The worshippers in the front row are rewarded more than the worshippers in the back row, according to a Saying of the Holy Prophet(sa). The reason is that those who come early, continue remembering God Almighty while they wait for the Prayer to commence; naturally they are in communion with Allah during more time as compared to the people who come later.
Again, the Holy Prophet(sa) instructed that a new row should not be started until the previous one is fully filled. It is therefore clear that those who come early and occupy the first row and spend more time in the remembrance of God Almighty will be rewarded more than those who come just in time while the Takbir is being recited or even later. These are the people who occupy the back rows.
If the Prayer has already started, the latecomer should join in the congregation in the position in which he finds them. For example, if they are in the Standing position, he should start his Prayer in standing position but if they are prostrating, he should join the congregation in prostration.
When the Imam ends the congregational Prayer by saying the Salutation, i.e. Assalamu ‘Alaikum wa Rahmatullah and turning his face towards the right and towards the left, the person who joined the Prayer later should go into Qiyam position and complete the remaining Rak‘at of his Prayer individually.
Salat consists of units. Each unit is called a Rak‘at. There are two Rak‘at and four Rak‘at Prayers in the Fard of obligatory Prayer.
Each unit or Rak‘at consists of the following essential component parts:
The posture of standing called Qiyam.
The posture of Bowing down with the hands on one’s knees called Ruku‘.
The position of Standing erect again with arms on the sides called Qaumah.
The position of Prostration called Sajdah. There are two Prostrations in one Rak‘at.
Jilsah: The position of sitting in between the two Prostrations.
Qa‘dah: The position of sitting after the two Prostrations. If a latecomer joins the congregation before or during the Ruku‘, then it is deemed that he had offered that Rak‘at and he does not have to offer it again at the end of the Prayer. If he misses both the initial Standing position (Qiyam) and the Bowing position (Ruku‘) and joins later in that Rak‘at he has to offer the whole Rak‘at again at the end of the Prayer when the Imam has done both salutations.
Once the congregational Prayer has begun, one should not commence with Sunnat and Nafl Prayer. If someone is already engaged in Sunnat Prayer when the Imam starts the Prayer, and he finds himself in the middle of a row formed for the congregational Prayer, he should terminate his Prayer immediately and join in the congregation. If he is offering his Sunnat or Nafl Prayer away from the Prayer Service and he thinks that he can join in the congregation without losing much of the first Rak‘at, he may complete his Prayer; otherwise he should terminate his Prayer and join in the congregation.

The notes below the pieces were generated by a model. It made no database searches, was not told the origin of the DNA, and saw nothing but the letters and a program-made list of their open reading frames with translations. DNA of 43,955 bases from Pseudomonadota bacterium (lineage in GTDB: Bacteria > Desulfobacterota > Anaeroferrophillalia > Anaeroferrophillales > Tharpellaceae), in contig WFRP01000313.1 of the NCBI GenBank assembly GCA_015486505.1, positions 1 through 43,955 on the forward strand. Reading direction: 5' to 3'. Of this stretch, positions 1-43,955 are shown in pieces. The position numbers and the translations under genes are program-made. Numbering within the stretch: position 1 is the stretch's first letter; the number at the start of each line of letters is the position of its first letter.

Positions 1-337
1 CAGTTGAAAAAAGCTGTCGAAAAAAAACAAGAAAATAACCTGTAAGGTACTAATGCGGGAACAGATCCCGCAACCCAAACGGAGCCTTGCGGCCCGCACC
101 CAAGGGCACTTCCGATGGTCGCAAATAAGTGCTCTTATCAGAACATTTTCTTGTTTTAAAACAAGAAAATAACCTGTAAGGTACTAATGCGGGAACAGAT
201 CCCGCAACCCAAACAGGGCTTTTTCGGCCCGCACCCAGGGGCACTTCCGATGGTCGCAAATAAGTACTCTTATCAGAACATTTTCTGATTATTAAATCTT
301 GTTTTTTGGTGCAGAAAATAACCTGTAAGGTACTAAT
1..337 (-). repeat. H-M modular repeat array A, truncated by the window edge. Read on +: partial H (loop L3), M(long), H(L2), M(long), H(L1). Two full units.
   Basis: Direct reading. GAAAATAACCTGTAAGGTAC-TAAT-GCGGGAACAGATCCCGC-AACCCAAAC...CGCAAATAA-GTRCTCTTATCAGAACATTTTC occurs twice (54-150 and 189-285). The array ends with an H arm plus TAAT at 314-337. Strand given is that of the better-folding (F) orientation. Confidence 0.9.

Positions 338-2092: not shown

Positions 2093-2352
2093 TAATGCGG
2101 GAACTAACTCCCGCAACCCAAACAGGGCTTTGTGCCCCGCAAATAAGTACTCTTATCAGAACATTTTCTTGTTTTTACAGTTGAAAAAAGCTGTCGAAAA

If the Prayer has already started, it is forbidden for a worshipper to run and join in the congregation.
Out of respect for their chastity and honour, women are not advised to stand for Prayer in front of men. For this reason, the rows of women are always behind the men’s rows. This gives the women complete freedom to offer their Prayers in the back rows without being embarrassed by the presence of men. It is preferable however, to have a separate enclosure for women. It also follows from the above that a woman cannot lead a congregation of men, but can lead a congregation of women. This means that she can lead a congregation consisting of children of either sex among the worshippers, but not adult men.
Women need not say Adhan for their congregational Prayers. The female Imam stands in the middle of the first row, according to common practice, and not ahead of the congregation as in the case of a male Imam.
If the Imam commits a mistake while leading the congregation, the following method is adopted to point it out to him:
If the mistake is an incorrect recitation of the Holy Quran, or the Imam has forgotten a verse of the Holy Quran, anyone in the congregation who clearly remembers the correct wording, should remind the Imam by reciting the correct verse in a clear and audible voice.
If the Imam commits any other mistake, a member of the congregation should draw his attention to it by saying Subhanallah. Subhanallah means ‘Allah is free from all faults.’ It gives a cue to the Imam that he may have committed a mistake. If so, the Imam should rectify his mistake. If he does not correct his error, the congregation has to follow him and no one has the right to differ with him during the Prayer. They must follow the Imam even in his mistake. However, he should be told of his mistake after the Prayer. Then he should lead the congregation to two additional Prostrations by way of condoning the mistake before turning his face to right and left and again repeating Assalamu ‘Alaikum wa Rahmatullah. These are called Sujud-us-Sahv or the Prostrations of condonement.
If a woman wants to draw the attention of the Imam to a mistake which he had committed, she is not allowed to say Subhanallah aloud; instead, she should clap her hands. The sound of clapping from women conveys to the Imam the message that he has committed a mistake. In the case where a female Imam commits a mistake during Prayer, her followers may draw her attention to it by either reciting the verse correctly or by saying Subhanallah, as the case may be.
The Imam should not prolong the congregational Prayer to the extent that the worshippers who are praying with him get tired. He should keep in mind that there might be people of old age or who are sick or weak in the congregation and also people who have to attend to other duties after the Prayer.